CS 1112: Introduction to Computing Using MATLAB


CS 1112: Introduction to Computing Using MATLAB
Curran D. Muhlberger
CS 1110 (Python)

Key dates

  • Tuesday, February 9: First lecture
  • Wednesday, February 10: First discussion/lab section
  • Tuesday, March 30 (6:30pm): Prelim 1
  • Thursday, April 22 (6:30pm): Prelim 2
  • Thursday, May 13: Last lecture
  • Monday, May 24 (9:30am): Final exam

Course description

Programming and problem solving Using MATLAB. Emphasizes the systematic development of algorithms and programs. Topics include iteration, functions, arrays and vectors, strings, recursion, algorithms, object-oriented programming, and MATLAB graphics. Assignments are designed to build an appreciation for complexity, dimension, fuzzy data, inexact arithmetic, randomness, simulation, and the role of approximation. No programming experience is necessary; some knowledge of calculus is required.

4 credit hours. S/U option. Online audits welcome.

Expected outcomes

In CS 1112, students will acquire the following skills:

  • Be fluent in the use of procedural statements—assignments, conditional statements, loops, function calls—and arrays.
  • Be able to design, code, and test small MATLAB programs that meet requirements expressed in English. This includes a basic understanding of top-down design.
  • Have knowledge of the concepts of object-oriented programming as used in MATLAB: classes, subclasses, properties, inheritance, and overriding.
  • Have knowledge of basic sorting and searching algorithms.
  • Have knowledge of basic vector computation.
  • Have a working familiarity with graphics tools in MATLAB.



  • Curran D. Muhlberger (cdm89)

Teaching assistants

  • Anirudh Narayanan (am3246)
  • Courtney McBeth (clm325)
  • Raisa Rasul (rbr83)
  • Richard Phillips (rlp246)
  • Yashi Sanghvi (yds4)

See the Staff page for additional course staff and office hours.

Times & places

The mode of lecture instruction is hybrid online and rotational in person. Students registered for LEC 001 will attend lectures in person one day each week and online the other day; those registered for LEC 002 will attend online both days. Some discussion sections meet in person while others meet only online. All online interactions are synchronous, and attendance is expected. Recordings will be available for a limited time for students who must miss a lecture.

For in-person meetings, assigned days and seats will be posted to Canvas. For online meetings, Zoom links will be listed on Canvas.

Lecture Days Time Room Instructor
001 Tu, Th 2:40pm-3:30pm Anabel Taylor Hall B21 (One World Room) Dr. Muhlberger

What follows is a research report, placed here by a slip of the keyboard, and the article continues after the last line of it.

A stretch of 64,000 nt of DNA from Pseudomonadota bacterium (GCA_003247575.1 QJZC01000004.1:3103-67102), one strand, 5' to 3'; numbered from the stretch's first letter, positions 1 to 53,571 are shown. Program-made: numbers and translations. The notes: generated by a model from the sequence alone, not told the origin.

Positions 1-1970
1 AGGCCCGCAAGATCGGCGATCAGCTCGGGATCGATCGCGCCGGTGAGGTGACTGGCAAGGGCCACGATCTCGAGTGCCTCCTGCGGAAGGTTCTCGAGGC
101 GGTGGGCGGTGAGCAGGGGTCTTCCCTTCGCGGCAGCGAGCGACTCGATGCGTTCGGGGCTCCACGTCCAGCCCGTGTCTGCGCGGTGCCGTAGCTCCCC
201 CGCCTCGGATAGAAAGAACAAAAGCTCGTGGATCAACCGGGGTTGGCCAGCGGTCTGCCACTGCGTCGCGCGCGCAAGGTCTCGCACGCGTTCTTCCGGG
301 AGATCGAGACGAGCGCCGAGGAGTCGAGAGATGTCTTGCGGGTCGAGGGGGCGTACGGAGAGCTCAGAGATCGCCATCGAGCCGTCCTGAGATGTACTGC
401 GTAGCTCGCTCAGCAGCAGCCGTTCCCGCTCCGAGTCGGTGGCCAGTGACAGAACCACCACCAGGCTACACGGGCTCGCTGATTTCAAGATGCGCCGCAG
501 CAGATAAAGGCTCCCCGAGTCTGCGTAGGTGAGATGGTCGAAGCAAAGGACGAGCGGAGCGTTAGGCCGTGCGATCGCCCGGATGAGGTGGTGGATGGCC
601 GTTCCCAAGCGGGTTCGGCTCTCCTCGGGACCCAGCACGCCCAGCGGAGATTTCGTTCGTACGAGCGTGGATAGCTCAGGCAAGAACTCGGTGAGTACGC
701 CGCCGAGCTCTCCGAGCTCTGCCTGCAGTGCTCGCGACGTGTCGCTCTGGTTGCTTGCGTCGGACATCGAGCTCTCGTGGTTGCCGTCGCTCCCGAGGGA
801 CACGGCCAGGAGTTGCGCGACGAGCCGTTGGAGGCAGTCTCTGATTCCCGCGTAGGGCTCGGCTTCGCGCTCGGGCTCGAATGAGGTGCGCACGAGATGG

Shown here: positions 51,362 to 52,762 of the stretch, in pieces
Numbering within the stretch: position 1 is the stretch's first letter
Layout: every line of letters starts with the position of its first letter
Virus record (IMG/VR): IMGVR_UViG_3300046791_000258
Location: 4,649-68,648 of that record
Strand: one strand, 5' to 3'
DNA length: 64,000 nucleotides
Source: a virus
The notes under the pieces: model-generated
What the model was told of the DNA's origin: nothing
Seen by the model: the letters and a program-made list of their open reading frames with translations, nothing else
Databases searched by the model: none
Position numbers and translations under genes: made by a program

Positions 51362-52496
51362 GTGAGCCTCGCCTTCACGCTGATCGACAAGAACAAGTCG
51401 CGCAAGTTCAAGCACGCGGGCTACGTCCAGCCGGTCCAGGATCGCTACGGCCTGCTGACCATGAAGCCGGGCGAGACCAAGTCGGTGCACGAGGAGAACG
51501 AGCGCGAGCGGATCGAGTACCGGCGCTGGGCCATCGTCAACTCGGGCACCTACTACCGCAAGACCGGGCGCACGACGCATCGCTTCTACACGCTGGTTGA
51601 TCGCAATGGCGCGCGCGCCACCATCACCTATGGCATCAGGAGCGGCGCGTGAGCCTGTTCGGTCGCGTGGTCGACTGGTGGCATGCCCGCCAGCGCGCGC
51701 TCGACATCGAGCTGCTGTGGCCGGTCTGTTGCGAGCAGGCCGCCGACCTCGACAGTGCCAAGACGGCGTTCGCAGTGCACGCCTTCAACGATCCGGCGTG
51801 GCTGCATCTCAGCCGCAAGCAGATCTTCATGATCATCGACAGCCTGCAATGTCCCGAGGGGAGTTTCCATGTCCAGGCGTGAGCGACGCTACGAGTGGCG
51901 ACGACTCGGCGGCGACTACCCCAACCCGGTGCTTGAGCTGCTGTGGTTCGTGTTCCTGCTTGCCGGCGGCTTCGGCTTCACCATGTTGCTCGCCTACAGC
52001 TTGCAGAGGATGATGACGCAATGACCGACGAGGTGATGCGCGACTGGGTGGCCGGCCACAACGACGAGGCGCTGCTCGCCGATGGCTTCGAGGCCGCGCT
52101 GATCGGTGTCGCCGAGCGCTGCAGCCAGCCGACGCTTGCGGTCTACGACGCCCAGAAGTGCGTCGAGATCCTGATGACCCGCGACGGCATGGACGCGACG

002 Zoom
Discussion Days Time Room Instructor
201 W 11:20am-12:10pm Upson 225 Raisa Rasul
202 W 12:25pm-1:15pm Upson 225
203 W 1:30pm-2:20pm Upson 225 Yashi Sanghvi
204 W 3:45pm-4:35pm Zoom Anirudh Narayanan
205 W 10:10am-11:00am Zoom Richard Phillips
206 W 1:30pm-2:20pm Zoom Anirudh Narayanan

If participating in these discussion sections is a significant hardship due to a time zone difference, please inform the instructor to discuss possible alternatives.


  • Textbook: Insight Through Computing: A MATLAB Introduction to Computational Science and Engineering by C. F. Van Loan and K.–Y. D. Fan. SIAM Publication, 2009, ISBN: 978-0-898716-91-7.
    • The e-book is available for free via the Cornell Library Portal by clicking the above link (off campus? use this proxy link). On that page scroll down to see the PDFs of the individual chapters.
  • Software: MATLAB
    • Current students can download MATLAB onto their personal computer for free! See Install MATLAB for instructions. Or use MATLAB Online via your web browser! Note: you must sign up for your MathWorks account using your Cornell email address.
    • All students can use MATLAB Online at public computer labs across campus. Some labs even have MATLAB installed.


This class will be managed through a variety of online tools, as each has different strengths and weaknesses. In order to minimize confusion, we will try to be consistent with how each are used:

  • Most announcements and materials will be posted to the public course website (not Canvas).
  • Assignment submissions and grades will be managed by CMS.
  • Canvas will be used for content that should only be accessible to students currently taking the course. This includes:
    • Zoom links for lectures and online discussion sections